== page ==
A more detailed study of U.S. malpractice claims identified status asymmetry, ambiguity of roles and handovers as the three most common contributing factors to communication breakdowns that had led to injury to surgical patients16.

Communication tools can be used to minimise the risk of important information being missed. The most obvious example of this is the WHO checklist, which has been shown to reduce death and complications in both high- and low-resource settings. Despite initial misgivings, the WHO Checklist has now become an accepted part of operating theatre routine in many countries, and probably has had its greatest impact in improving adherence to routine safety checks, and by improving teamwork and communication17,18. However, imposition of checklists and formal communication tools will not eradicate perioperative communication errors without effective implementation – effective use of safety checks requires understanding of the benefits, appropriate training and good surgical leadership5,18,19. Teamwork training, structured reflection using simulated and real clinical episodes and adoption of a systems approach may be useful20.


Bone cement implantation syndrome (BCIS) is a poorly understood phenomenon with no agreed standard definition currently. It is characterised by hypoxia and hypotension but has a wide spectrum of clinical features that can occur with any surgical instrumentation of the femoral canal, ranging from transient desaturation and hypotension to pulmonary hypertension and cardiac arrhythmias. A sudden drop in end tidal CO2 may herald abrupt onset pulmonary hypertension and a precipitous drop in cardiac output resulting in cardiac arrest21. BCIS is described in tutorial 35122.

BCIS is associated with procedures that breach the femoral canal such as intramedullary nailing and cemented and uncemented hip implants. Frail patients undergoing cemented hip replacement surgery following hip fracture are at particularly high risk. Interventions which may reduce the likelihood or severity of bone cement implantation syndrome include medullary lavage, good haemostasis before cement insertion and retrograde application of cement with the cement gun21.

“A patient was hypoxic and hypotensive after bone cement was inserted. This resolved to some extent but the patient had to be intubated in recovery and taken to ICU. Following local case review, the department identified and reported some good practice points:

  • Identify high risk patients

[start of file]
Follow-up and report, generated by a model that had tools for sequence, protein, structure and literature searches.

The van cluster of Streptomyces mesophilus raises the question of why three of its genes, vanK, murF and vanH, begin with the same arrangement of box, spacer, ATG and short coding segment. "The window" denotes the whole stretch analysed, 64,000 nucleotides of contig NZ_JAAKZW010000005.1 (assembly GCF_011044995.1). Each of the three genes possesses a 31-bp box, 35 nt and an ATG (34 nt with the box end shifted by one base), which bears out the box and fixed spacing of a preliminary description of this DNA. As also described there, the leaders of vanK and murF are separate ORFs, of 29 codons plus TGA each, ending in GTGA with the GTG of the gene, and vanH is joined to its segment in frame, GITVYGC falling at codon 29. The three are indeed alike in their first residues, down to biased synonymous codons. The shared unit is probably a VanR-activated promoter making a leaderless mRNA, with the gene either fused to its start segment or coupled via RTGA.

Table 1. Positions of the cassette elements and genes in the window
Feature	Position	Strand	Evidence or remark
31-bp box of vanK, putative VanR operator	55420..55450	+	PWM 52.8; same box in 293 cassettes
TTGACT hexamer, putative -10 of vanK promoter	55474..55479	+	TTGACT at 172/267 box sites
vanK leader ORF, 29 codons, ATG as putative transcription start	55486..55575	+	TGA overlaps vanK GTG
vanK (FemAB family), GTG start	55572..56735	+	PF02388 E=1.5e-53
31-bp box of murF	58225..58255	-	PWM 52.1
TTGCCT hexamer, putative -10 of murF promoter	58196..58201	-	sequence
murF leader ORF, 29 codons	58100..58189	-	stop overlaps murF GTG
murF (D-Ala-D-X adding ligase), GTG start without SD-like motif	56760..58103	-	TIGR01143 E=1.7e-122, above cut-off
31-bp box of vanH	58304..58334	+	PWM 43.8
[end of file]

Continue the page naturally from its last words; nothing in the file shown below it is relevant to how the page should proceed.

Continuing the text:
• Cement implantation syndrome was not discussed within the surgical or anaesthetic consent process. This should probably be done and documented in patients who are high risk.
  • Communication between the surgical and anaesthetic teams was good however the cementing was not discussed at the WHO check
  • The cement curfew did not take place formally, we just discussed it around the time of cementing. Guidance should be available in theatre on how exactly this should be done to standardise this.”

The AAGBI published a guideline on bone cement implantation syndrome in 2015, which provides a structured approach to management of patients requiring cemented hemiarthroplasty following a long bone fracture23. In the above case, the local review panel noted that some of the recommended steps had not been completed, such as identification of the at-risk patient and shared team understanding of the problem. Clinicians in Coventry recommend a ‘Cement Curfew’ which teams might like to consider24.

The AAGBI guideline recommends the following steps to minimise the impact of BCIS:

  1. Identification of patients at high risk of cardiorespiratory compromise:
    • Increasing age
    • Significant cardiopulmonary disease
    • Diuretics
    • Male sex
  2. Preparation of team(s) and identification of roles in case of severe reaction
    • Pre-operative multidisciplinary discussion
    • Pre-list briefing and World Health Organisation (WHO) Safe Surgery checklist ‘time-out’ (Reference)
  3. Specific intra-operative roles:
    • Surgeon
      • Inform the anaesthetist just before insertion of cement
      • Wash and dry the femoral canal
      • Apply cement retrogradely using the cement gun with a suction catheter and intramedullary plug in the femoral shaft
    • Anaesthetist
      • Ensure adequate resuscitation pre-and intra operatively
      • Confirm to the surgeon that you are aware that he/she is about to prepare/apply cement
      • Maintain vigilance for signs of cardiorespiratory compromise
      • Aim for a systolic blood pressure within 20% of pre-induction value. Invasive blood pressure monitoring is indicated for patients at higher risk
      • Prepare vasopressors in case of cardiovascular collapse

The ‘Cement Curfew’ mentioned above refers to a protocol described by a team in Coventry in the UK, whereby team members are given pre-assigned roles for the period of the operation when BCIS is most likely and attention is focused on readying the patient for this possible event, and monitoring for signs of a problem.


  • Drug infusions are a common source of preventable errors. Users should be familiar with pump programming and the possibility of unintended boluses
  • Plasma lidocaine concentrations are related to the total dose and infusion rate, but also to other factors such as acid base status and protein binding
  • Communication breakdown is a common source of surgical and anaesthesia error
  • Bone cement implantation syndrome is characterised by hypoxia and hypotension around the time of cement implantation in the femoral canal, but can lead to cardiovascular collapse. It is important to identify patients at risk and to plan accordingly, making all the theatre team aware.